While the presidential election might only come around every four years, the monotonous coverage has become all too predictable. Tuning in to your favorite news station will inevitably net pundits from both the Republican and Democratic parties giving a play-by-play analysis of how the voting has gone aided by a blue and red color coded map of the United States. Rinse and repeat in four years.
But this year the process looks to get a bit more interesting from a technological standpoint. Instead of remote interviews showing the candidates on a split screen or a floating window, CNN will look to up its geek cred with the use of holograms.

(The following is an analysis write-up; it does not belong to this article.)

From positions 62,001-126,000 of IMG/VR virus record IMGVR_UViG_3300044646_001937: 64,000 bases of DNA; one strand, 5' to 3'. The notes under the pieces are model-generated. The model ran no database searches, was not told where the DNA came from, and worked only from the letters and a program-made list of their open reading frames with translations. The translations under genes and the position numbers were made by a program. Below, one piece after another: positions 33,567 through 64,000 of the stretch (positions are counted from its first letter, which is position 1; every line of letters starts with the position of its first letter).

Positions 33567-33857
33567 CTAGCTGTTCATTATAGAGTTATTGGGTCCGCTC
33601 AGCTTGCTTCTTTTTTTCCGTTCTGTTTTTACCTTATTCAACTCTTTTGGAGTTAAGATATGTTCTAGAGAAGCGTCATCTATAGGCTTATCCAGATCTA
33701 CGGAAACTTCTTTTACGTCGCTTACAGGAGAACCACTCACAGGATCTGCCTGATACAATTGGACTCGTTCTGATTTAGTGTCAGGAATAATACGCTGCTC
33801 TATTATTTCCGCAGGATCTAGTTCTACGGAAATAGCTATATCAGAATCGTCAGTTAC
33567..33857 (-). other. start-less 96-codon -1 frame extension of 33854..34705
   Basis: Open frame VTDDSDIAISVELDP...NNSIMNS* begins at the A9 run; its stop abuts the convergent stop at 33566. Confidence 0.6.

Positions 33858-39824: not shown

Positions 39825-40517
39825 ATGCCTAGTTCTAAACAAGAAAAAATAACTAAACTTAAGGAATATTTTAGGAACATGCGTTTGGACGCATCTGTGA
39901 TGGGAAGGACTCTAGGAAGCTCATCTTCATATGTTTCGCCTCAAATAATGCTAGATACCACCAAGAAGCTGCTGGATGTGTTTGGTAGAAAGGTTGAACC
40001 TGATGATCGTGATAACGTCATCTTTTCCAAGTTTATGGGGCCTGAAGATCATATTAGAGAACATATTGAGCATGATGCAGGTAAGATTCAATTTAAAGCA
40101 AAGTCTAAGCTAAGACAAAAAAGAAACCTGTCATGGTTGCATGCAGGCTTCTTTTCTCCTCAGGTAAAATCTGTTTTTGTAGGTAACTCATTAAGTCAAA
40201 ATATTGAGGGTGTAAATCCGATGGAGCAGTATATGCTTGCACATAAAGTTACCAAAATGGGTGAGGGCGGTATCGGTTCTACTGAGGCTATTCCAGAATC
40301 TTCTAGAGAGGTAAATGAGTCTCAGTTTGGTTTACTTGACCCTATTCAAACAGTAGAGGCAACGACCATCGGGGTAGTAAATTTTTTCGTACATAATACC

"Everyone is doing something virtual this election year," says CNN senior VP David Bohrman, the guy who pushed the technology. "Virtual elements in a real set look so much better than a real person in a virtual set."
To make it happen, CNN will use 44 cameras and 20 computers in each remote location to capture 360-degree imaging data of the person being interviewed. The images will then be processed and beamed by computers and cameras located in New York. The end result, if all goes to plan, is that those being interviewed, whether a spokesperson from the Obama or McCain camp, will appear as though he or she is in CNN's television studio.
Will holographic interviews make you more likely to tune into CNN? Hit the jump and post your thoughts.